However, ‘The Cabinet of Jan Svankmajer’ is also interesting for animation buffs, even for the one who have seen all Jan Švankmajer’s films, for its original interludes, which are animated by the Quay brothers. These interludes have a truly Švankmajer-like atmosphere, highlighted by the reuse of music from Švankmajer’s films. They feature a Švankmajer-like teacher, made of household objects, and his apprentice, a doll, whose head is emptied in order to let him experience the world anew.

These interludes are no less than wonderful and form an animation short in itself, which is both a great homage to the Czech master and a showcase of the Quay brothers’ own art. In fact, the Quay Brothers compiled the interludes and these are available and widely known under the same name as the complete documentary, which is, in fact, eclipsed by the animated short version.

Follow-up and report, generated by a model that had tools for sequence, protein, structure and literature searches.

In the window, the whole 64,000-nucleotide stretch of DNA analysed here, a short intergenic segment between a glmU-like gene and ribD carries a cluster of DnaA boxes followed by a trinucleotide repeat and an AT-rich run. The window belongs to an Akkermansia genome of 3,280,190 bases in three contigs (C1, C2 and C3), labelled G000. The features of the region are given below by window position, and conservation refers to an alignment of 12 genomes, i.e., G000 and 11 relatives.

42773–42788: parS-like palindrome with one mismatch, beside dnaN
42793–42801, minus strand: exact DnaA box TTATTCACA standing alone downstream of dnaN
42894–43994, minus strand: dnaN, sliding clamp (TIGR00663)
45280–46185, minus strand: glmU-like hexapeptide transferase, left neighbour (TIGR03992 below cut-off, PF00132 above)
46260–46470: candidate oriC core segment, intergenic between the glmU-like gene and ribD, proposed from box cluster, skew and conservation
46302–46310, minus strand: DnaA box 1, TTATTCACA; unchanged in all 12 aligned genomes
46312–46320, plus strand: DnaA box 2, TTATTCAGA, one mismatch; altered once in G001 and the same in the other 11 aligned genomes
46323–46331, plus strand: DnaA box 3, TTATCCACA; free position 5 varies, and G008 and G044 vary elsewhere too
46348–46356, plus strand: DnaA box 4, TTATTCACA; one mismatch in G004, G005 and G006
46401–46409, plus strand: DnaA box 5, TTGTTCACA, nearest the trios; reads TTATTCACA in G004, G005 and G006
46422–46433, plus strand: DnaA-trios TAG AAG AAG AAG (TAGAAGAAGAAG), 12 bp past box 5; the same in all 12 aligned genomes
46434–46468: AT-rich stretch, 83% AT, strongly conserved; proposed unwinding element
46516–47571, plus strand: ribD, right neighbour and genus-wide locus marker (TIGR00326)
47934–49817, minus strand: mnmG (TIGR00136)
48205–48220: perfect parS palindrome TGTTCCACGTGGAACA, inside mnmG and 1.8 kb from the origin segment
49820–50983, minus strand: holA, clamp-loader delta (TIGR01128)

Watch the animated interludes from ‘The Cabinet of Jan Svankmajer’ yourself and tell me what you think:

‘The Cabinet of Jan Svankmajer’ is available on the DVD ‘Jan Svankmajer – The Complete Short Films’

s.Director: Jack Hannah
Release Date: June 20 1947
Stars: Donald Duck, The Aracuan Bird
Rating:  ★★★★★
Review:

Clown of the Jungle © Walt Disney‘Clown of the Jungle’ reintroduces the Aracuan bird from ‘The Three Caballeros‘ (1944), now hindering Donald’s attempts to photograph birds.

The Aracuan bird is a surreal character, defying all laws of nature. For example, it can cycle in mid-air, duplicate itself and draw a door on a rock, and enter it. These abilities are very rare for a Disney character, and there’s no doubt that the Aracuan bird was inspired by the more absurd humor from the Warner Bros. and Tex Avery’s MGM cartoons.